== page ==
Everyone’s a Critic

Final Crisis #1

Posted by jadecanary on June 1, 2008

(Welcome to BENDING STEEL REVIEW. This blog is a spin-off of my BENDING STEEL blog. You can check it out by clicking that fabulous picture of Superman at the top of the the right column.)

 D.O.A.: The God of War! by Grant Morrison (w) and JG Jones (a)

“…Heaven…cracked and broken… THEY DID NOT DIE! HE IS IN YOU ALL…”

The Countdown is over, the wait has ended, The Final Crisis is upon us. Morrison’s epic promises to take us from Heaven to Hell, across the 52 Earths, to a point where, in the end, evil wins. Let’s be honest, with the exception of three out of every four episodes of WWE Raw, when does evil ever win? Let’s take this review on a case-by-case basis, visiting each of our stars.

Anthro, the Caveboy

The book starts at the beginning with Anthro. Anthro is one of those sci-fi silver age comic stars that Morrison picks out of his comic book boxes and says, “Hey, let’s bring you back into mainstream!” The first page is done in a letterbox format, drawing your attention to Anthro, about to kick someone’s ass. A voice calling out to him, “Man…” It is Metron, the intellectual ass of the Fourth World New Gods. What I find striking about Metron is that his colors are inverted, the white glows while his classic blue accentuates the white. His Mobius Chair is now white and blue, where previously it was green. This tells me that Metron, killed in “Death of the New Gods” #7 is a new man, reborn from The Source, and may be our first look at a Fifth Worlder. The white infers to me that Metron is doing The Source’s work here. And that work? He gave Anthro “knowledge”. He sets a tree on fire. That’s great, Metron, piss off the prehistoric Green Peace!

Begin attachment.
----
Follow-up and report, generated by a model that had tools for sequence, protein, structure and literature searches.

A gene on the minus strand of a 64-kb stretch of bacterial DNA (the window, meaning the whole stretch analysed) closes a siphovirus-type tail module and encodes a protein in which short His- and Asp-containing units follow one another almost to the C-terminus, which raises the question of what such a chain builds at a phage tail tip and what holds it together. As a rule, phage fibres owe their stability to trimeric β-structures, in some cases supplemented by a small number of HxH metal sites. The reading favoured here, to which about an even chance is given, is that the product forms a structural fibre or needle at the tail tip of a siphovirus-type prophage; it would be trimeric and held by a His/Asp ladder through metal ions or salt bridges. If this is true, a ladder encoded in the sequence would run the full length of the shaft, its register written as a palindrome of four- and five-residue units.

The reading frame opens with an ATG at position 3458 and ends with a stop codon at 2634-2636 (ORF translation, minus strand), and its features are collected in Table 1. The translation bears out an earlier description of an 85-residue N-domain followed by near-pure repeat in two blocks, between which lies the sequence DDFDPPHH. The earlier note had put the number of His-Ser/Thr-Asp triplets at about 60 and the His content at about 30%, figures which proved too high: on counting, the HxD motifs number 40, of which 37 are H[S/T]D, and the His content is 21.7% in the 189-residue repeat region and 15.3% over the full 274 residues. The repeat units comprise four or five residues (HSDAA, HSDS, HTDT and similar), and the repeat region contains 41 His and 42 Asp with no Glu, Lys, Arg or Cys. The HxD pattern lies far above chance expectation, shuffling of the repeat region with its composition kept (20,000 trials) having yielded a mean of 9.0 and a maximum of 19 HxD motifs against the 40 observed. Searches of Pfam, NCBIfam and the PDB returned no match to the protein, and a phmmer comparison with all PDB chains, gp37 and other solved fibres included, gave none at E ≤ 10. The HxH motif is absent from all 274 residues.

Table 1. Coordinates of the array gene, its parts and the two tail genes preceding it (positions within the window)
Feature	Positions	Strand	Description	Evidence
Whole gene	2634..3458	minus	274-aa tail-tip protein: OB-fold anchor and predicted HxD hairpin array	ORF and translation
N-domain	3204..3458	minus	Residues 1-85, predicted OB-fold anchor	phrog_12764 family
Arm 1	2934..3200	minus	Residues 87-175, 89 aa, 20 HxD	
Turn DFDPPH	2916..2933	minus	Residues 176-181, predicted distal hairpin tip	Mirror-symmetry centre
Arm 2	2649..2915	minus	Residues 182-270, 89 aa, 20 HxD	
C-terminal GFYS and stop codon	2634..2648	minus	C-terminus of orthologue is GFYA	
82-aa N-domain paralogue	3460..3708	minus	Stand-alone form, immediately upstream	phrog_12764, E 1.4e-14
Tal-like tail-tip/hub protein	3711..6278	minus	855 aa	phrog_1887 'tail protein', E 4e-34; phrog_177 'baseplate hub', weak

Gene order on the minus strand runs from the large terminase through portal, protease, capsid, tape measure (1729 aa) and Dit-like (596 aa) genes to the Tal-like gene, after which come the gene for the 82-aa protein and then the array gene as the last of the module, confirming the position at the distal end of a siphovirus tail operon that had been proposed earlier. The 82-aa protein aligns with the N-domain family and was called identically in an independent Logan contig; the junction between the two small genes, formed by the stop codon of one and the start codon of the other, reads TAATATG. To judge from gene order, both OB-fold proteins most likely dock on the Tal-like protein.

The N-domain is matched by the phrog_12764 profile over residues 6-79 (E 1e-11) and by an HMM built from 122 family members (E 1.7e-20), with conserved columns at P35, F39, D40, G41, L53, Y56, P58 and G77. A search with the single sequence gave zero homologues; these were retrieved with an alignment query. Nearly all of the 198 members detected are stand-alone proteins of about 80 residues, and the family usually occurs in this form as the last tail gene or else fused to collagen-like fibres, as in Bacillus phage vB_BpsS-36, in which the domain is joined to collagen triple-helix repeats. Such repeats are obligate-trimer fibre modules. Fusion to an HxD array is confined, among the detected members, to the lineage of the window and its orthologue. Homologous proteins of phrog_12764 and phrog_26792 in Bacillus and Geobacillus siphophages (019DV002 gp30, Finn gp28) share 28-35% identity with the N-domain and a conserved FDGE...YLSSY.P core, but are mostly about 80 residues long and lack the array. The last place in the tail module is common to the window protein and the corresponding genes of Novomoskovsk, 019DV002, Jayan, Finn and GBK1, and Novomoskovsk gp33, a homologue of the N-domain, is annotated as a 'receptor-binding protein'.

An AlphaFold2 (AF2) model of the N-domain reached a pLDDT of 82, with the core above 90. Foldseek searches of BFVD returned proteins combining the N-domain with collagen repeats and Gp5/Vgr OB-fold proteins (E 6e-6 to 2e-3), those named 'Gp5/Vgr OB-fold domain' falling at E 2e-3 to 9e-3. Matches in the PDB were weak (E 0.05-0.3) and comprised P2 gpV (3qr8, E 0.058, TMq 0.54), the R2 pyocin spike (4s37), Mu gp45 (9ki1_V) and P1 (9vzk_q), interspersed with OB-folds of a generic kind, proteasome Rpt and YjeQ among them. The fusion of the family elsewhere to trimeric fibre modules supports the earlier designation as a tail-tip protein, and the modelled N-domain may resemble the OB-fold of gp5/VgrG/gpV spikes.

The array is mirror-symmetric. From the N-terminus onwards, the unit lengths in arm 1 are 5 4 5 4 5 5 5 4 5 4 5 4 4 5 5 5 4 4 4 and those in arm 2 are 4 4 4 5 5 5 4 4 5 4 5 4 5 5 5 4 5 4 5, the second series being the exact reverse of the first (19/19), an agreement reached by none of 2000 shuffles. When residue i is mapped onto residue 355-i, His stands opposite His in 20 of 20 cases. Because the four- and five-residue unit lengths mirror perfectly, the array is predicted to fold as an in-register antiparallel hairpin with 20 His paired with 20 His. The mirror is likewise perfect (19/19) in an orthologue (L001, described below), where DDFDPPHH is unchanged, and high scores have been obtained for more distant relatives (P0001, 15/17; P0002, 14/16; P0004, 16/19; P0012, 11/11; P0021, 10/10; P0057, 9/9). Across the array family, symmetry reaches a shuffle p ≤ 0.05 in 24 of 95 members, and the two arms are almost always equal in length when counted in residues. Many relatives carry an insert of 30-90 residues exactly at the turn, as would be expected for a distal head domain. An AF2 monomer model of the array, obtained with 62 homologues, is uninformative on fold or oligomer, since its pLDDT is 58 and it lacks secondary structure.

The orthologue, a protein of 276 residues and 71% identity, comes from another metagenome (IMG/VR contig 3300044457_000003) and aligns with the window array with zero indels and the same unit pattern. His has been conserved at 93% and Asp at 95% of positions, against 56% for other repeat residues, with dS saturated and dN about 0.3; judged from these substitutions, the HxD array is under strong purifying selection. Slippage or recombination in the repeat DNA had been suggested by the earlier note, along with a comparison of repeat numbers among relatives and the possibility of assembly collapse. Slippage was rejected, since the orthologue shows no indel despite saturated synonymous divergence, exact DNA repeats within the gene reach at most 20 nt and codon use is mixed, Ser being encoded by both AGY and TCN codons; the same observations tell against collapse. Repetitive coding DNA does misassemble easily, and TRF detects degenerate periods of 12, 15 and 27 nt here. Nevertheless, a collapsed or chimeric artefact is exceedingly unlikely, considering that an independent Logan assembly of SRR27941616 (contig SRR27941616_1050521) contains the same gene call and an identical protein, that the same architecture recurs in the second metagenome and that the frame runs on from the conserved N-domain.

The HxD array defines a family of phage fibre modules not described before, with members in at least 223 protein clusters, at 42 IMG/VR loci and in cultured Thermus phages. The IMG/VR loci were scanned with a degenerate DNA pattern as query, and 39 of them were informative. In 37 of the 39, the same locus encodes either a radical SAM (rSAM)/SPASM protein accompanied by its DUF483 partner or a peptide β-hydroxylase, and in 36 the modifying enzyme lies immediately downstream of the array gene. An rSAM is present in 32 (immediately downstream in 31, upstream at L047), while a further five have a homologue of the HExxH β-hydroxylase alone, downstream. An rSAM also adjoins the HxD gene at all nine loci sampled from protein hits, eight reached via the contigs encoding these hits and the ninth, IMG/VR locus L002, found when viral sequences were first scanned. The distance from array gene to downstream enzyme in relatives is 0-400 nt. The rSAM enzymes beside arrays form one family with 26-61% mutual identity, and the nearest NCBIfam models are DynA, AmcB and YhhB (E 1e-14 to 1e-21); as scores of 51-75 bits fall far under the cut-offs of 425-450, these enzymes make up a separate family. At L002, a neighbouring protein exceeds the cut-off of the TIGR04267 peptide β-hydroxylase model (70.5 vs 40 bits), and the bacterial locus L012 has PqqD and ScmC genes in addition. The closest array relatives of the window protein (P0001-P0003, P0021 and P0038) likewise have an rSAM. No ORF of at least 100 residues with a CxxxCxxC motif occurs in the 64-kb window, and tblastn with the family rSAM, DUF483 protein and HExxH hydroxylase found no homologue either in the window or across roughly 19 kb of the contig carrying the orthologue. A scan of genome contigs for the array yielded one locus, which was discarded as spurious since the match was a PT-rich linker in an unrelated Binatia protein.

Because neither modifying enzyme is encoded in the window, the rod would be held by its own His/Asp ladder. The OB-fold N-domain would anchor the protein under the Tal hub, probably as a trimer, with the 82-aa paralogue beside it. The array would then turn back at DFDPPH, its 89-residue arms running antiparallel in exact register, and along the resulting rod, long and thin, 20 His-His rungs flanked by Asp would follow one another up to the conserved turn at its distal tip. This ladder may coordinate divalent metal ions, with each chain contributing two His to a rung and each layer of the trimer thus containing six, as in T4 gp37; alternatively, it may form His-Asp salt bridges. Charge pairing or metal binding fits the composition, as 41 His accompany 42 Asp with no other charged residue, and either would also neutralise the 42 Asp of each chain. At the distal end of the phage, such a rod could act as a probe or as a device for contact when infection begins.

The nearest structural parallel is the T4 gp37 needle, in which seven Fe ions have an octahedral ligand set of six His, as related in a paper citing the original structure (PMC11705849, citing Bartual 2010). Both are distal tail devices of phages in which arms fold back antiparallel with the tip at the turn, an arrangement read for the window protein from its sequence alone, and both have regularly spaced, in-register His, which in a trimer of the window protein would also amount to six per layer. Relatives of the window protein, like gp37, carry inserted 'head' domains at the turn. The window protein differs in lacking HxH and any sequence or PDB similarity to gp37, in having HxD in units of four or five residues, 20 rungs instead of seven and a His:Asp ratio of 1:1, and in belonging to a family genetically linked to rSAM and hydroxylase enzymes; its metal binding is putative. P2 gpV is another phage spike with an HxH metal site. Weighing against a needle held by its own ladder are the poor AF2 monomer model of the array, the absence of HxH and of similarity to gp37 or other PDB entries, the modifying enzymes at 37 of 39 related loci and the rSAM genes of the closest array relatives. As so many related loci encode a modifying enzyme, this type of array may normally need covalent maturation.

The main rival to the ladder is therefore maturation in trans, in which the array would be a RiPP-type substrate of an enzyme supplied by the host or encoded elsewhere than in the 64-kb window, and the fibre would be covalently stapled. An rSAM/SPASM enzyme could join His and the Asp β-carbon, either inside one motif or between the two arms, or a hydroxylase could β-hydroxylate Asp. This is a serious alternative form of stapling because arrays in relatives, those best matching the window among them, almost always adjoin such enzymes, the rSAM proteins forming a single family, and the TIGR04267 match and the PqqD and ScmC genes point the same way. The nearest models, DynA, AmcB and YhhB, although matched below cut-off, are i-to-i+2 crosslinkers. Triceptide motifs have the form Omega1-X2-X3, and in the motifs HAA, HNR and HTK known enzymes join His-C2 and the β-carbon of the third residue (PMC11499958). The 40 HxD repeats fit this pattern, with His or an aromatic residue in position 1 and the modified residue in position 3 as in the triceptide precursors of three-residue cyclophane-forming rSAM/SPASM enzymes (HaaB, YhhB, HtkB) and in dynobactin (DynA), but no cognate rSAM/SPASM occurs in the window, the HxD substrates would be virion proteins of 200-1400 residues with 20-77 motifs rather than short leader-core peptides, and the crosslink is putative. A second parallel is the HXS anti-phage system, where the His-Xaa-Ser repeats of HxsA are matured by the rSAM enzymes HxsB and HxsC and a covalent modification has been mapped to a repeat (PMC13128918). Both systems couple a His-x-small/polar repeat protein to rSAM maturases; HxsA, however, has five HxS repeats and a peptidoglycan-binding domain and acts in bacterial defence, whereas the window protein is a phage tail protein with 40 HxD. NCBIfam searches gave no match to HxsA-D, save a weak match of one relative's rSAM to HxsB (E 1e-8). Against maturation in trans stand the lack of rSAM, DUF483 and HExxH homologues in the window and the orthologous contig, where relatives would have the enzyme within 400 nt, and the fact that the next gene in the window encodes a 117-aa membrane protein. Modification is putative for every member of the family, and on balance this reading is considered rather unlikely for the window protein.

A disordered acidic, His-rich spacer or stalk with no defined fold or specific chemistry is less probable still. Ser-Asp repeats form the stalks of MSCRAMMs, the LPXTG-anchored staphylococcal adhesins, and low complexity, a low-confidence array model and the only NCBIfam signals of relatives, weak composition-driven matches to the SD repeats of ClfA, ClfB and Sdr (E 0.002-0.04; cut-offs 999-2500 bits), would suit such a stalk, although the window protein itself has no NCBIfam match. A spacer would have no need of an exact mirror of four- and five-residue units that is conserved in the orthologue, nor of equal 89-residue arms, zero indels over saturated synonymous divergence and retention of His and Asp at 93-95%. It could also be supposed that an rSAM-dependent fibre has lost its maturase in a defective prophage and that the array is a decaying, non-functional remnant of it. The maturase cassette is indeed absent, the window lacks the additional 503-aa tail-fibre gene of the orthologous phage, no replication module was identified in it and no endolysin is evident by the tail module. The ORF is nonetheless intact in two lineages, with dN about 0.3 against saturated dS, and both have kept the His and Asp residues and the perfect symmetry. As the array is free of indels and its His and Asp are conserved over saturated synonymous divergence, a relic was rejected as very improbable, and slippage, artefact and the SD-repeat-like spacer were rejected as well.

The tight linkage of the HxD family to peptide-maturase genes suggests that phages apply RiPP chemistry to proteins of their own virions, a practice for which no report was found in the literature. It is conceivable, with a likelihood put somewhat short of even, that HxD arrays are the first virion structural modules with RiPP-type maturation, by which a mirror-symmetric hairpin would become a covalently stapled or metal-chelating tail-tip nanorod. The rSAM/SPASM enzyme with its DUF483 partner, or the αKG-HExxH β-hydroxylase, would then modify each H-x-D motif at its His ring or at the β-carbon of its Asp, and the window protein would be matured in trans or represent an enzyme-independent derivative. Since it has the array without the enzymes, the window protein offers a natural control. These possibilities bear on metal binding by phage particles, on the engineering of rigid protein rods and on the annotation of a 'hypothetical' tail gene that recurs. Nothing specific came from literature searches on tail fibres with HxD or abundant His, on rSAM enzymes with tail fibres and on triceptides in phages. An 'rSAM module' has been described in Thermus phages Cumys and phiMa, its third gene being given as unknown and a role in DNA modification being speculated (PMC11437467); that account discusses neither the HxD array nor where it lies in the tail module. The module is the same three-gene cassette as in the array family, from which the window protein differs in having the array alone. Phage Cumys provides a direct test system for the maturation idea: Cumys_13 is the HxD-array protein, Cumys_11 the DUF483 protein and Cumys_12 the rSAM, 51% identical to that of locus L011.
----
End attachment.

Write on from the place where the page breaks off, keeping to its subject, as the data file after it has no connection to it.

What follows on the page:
After that, we find that a neanderthal, presumably the immortal Vandal Savage (isn’t it amazing that all the immortal characters have run into the legendary time-period characters) kicking the crap out of some other cave-and-hut dwellers. The following is the dialogue from pages 8-9 of Final Crisis #1…

“!”, “!!”, “!”, “(incomprehensible)”, “!”, “?”, “!”, “?”, “?”, “?”, “?”

Damn, that was great writing, Morrison, somebody give him a award.

That is where JG Jones steps in. Jones is famous for his streak of 52 consecutive weekly covers, delivered on time. And, as we’ve seen lately from DC, 52 weeks of on time art is heroic. Jones’ art takes over here, telling the story of Anthro bringing the fire to his enemies, and saving the girl. Yaa Anthro! Then again, if you ask Dan Turpin, formerly of the Metropolis Special Crimes Unit, “Fire was our first big mistake. Like everything else the sad, stinkin’ human race ever thought of, we take a good idea, and we use it to kill ourselves.”

Dan Turpin

Dan Turpin is the latest Jack Kirby creation to get some focus in recent months. It seems that DC is falling all over themselves to bring back everything they own that has a “Created by Jack Kirby” tag on it. (I don’t know, guys, Since Kirby left the New Gods, the only thing you could think of to evolve the Kirby characters was to kill them, what makes you think you can do anything with any of his other characters?) Back to Turpin. He’s investigating the disappearance of six children, all “smart and poor”. But all he finds is Orion, son of Darkseid, Champion of New Genesis, and he’s just about dead. Last we saw of Orion, he had just killed his father, fulfilling the prophesy of The Source. He tells Turpin that “they” didn’t die, and “he” is in you. Love those cryptic gods. As Orion keels over, in the distance, we see the Black Racer (yes, a black man on skis that takes dead gods to the other side. Kirby was weird.